It’s no secret that Manchester United lack depth across the pitch. While the club has finally begun taking the long overdue steps towards bolstering the back line — adding Aaron Wan-Bissaka and Harry Maguire, and locking down Luke Shaw, David De Gea, and Victor Lindelöf on long term deals — the midfield has been sorely neglected.
The club sold defensive midfielder Marouane Fellaini in January and saw one of his counterparts, Ander Herrera, walk away this summer, without signing a replacement for either player. In turn, Scott McTominay has been the main beneficiary, seizing the opportunity to fill in their shoes with his improved performances this season, while Fred has looked sharp in his recent cameos. Nemanja Matić offers an experienced option, and Axel Tuanzebe is also capable of playing in an auxiliary holding role if necessary.
Attacking midfield, however, is a completely different story: United didn’t lose anyone in that position, but they didn’t really have anyone either. Jesse Lingard has been the first choice to spearhead a midfield triangle, but the Mancunian has had a dismal extended run of form, failing to register a goal or assist since December, 2018. Lingard’s performances, and United’s subsequent struggle to score goals, has seen the club linked with a host of players, headlined by Bruno Fernandes and most recently James Maddison.
United fans across the globe were engrossed in the Bruno Fernandes saga all summer, and were ultimately left seething when a transfer never materialized. The Sporting CP player is an exciting prospect, having scored 20 goals and dishing out 13 assists in Liga Nos last season, and he was not shy about expressing his desire to make the jump to the Premier League. He also admitted that he admired United, but only included the Red Devils among a host of other top clubs, and never demonstrated a unique aspiration to play for the club in particular. Without that commitment to succeed here, the culture shock can be incredibly challenging to overcome, especially for a player who does not speak English (a la Angel Di Maria). Bruno would command a hefty fee, and there is no way to know how quickly he would settle in Manchester and adjust to the level of the Premier League. All things considered, the Portuguese would have been a big risk, and right now Manchester United cannot afford to take big risks.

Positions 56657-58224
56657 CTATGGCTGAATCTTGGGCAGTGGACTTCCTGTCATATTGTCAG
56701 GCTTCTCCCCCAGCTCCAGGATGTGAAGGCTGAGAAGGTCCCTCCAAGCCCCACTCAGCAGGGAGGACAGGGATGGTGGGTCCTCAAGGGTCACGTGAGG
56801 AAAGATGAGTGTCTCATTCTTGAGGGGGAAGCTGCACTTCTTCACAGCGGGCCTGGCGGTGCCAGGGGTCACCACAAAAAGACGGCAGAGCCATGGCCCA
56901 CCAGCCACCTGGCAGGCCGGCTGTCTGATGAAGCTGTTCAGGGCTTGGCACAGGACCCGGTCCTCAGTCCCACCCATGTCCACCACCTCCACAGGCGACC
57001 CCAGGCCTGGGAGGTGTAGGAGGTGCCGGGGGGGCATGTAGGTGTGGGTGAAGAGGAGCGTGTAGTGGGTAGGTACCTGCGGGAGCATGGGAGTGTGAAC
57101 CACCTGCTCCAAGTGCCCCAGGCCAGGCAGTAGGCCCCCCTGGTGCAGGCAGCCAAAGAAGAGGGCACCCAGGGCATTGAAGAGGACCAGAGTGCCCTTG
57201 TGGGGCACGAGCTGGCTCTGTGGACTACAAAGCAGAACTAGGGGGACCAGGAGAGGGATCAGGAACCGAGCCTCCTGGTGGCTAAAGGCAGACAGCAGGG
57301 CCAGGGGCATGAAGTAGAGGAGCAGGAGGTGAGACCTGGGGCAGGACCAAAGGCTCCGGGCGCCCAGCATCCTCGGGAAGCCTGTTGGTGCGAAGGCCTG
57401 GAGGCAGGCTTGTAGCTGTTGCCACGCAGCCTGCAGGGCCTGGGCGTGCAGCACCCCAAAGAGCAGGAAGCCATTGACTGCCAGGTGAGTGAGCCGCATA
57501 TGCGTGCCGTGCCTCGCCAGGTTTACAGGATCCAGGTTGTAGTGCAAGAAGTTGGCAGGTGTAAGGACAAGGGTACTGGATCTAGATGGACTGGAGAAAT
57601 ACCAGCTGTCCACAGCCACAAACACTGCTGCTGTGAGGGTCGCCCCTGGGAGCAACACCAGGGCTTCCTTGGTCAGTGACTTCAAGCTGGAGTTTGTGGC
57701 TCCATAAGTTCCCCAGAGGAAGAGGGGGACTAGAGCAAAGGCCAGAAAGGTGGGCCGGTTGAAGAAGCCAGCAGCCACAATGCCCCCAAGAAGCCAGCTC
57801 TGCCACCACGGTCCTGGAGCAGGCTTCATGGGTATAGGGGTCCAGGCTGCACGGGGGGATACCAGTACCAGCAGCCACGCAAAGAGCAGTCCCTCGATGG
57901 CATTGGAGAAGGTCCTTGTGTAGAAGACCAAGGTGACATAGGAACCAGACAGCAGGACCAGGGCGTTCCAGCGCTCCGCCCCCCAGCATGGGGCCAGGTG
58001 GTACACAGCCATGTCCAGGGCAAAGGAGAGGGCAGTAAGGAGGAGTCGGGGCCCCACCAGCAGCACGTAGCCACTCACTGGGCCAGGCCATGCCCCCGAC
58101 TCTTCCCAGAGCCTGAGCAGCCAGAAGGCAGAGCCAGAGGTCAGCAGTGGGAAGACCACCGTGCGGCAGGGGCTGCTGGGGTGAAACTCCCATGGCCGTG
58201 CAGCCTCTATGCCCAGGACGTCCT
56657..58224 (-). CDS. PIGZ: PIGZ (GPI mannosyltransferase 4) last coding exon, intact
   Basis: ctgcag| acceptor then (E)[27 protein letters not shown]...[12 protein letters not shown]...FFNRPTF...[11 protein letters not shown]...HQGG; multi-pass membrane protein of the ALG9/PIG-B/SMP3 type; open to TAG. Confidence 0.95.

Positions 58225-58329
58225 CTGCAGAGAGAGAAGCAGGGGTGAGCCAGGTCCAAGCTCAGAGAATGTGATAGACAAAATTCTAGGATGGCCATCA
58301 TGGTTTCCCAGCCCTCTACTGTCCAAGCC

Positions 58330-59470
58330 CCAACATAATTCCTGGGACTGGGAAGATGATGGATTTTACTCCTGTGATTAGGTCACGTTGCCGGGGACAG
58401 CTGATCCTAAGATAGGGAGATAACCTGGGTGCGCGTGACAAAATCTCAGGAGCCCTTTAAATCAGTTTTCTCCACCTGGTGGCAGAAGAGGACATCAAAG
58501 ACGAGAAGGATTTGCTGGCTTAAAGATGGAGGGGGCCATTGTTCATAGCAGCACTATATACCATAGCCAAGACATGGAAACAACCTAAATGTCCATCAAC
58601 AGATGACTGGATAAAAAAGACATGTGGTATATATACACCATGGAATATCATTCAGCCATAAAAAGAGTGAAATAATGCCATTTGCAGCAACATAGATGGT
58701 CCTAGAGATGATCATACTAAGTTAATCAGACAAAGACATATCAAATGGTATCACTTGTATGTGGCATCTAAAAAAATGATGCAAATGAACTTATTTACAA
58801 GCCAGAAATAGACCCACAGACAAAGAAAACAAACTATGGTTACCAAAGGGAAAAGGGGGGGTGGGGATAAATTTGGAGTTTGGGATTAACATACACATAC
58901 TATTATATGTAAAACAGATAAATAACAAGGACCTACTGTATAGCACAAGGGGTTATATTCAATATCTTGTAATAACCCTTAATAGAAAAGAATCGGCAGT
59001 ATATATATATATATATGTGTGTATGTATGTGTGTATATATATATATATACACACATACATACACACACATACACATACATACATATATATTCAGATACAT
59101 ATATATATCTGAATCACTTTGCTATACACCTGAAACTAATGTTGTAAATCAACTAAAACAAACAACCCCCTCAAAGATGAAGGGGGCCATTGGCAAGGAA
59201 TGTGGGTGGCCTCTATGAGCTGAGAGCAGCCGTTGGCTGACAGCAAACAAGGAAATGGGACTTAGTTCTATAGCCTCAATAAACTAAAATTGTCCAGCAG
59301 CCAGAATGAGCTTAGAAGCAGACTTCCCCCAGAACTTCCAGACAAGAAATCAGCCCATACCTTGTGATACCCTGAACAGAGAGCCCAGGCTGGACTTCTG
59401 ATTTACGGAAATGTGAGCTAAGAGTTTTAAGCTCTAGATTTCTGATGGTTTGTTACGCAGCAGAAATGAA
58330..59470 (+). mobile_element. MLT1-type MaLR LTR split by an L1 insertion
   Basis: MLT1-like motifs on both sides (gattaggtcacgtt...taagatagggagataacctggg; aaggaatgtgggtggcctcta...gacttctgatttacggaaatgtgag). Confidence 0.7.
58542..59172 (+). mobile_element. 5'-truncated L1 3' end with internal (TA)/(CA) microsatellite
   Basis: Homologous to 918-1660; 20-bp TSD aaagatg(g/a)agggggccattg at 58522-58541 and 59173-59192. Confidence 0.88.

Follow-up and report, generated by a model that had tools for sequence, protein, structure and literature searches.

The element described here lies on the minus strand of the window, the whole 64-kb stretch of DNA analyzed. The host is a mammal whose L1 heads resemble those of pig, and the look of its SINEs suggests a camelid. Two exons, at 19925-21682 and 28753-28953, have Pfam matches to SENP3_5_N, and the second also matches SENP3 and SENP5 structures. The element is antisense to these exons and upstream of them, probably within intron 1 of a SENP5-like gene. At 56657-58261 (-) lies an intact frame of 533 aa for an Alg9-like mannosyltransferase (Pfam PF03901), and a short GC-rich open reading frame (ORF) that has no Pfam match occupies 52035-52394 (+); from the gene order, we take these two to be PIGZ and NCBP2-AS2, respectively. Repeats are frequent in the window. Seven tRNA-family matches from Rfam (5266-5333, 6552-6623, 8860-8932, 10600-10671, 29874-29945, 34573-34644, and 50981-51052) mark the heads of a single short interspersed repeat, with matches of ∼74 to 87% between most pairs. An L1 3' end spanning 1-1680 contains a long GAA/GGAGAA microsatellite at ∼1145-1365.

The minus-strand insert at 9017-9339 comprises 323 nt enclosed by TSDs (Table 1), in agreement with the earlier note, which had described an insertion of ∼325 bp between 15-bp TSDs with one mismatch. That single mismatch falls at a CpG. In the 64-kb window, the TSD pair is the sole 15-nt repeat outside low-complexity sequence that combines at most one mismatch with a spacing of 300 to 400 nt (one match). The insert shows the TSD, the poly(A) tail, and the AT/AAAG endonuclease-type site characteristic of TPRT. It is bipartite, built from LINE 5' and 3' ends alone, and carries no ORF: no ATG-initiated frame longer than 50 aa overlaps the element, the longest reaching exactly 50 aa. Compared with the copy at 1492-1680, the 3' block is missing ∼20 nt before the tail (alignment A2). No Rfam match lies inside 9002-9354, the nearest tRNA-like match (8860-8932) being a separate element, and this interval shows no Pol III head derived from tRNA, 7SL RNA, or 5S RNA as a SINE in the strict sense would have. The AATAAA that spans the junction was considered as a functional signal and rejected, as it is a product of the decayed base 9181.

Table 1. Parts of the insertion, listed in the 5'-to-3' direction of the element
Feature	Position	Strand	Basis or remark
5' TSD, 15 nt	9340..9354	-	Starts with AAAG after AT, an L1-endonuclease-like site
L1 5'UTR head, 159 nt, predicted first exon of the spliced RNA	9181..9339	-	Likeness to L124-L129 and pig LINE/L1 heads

The club’s decision makers seemed to have reached that same conclusion, and after initial disappointment at the lack of a superstar arrival, the fans are beginning to get on the same page as well. Both groups now have their eyes on Leicester City’s James Maddison.
Maddison scored the game-winning goal — his first of the season — in the Foxes’ 2-1 defeat of Tottenham this weekend, and through six games Maddison’s stats reveal that he is primed to beat his return of seven goals and seven assists from last campaign. Maddison is currently averaging an aggressive 3.3 shots and 3.5 dribbles per game, up from 2.3 and 1.4 respectively. To put those numbers into perspective, Bruno took 3.6 shots and dribbled less than once per contest during his eye-catching 2018/19.
Maddison also has a higher pass accuracy and is dispossessed fewer times per 90 minutes than is Bruno. The Portuguese does blow Maddison out of the water in long balls per game, registering 4.3 to Maddison’s 2.2, however this revelation highlights Bruno’s tendency to drop deep in the midfield, which could see him crowd the same space as Paul Pogba. Maddison prefers to play higher up the pitch, and would be the disciplined creative link between the midfield and attack that United are so desperately missing.
To augment the case for James Maddison, the Englishman fits the mold of the new wave at United down to a T. At 22 years old — three years younger than Bruno — he has not yet established himself as a world class player, meaning he will be hungry to work. He has proven himself to be capable in the Premier League and has already developed chemistry with Maguire, Lingard, and Marcus Rashford, and, maybe the most crucial point of all, he is a Manchester United supporter. On multiple occasions Maddison has spoken about growing up a Red, his adoration of Cristiano Ronaldo, and his memories of United beating Bayern Munich to win the Treble. As fate would have it, Maddison even made his Premier League debut at United, humbly stating afterward, “There is no bigger stage than Old Trafford.”
Maddison is the archetypal player to continue the rebuild under Ole Gunnar Solskjaer, and he has all the tools to succeed at the highest level. He is a promising British talent, and has the desire and understanding of what it means to wear the Red shirt. If the Manchester United hierarchy is serious about returning to the pinnacle of football, James Maddison must be at the top of their list.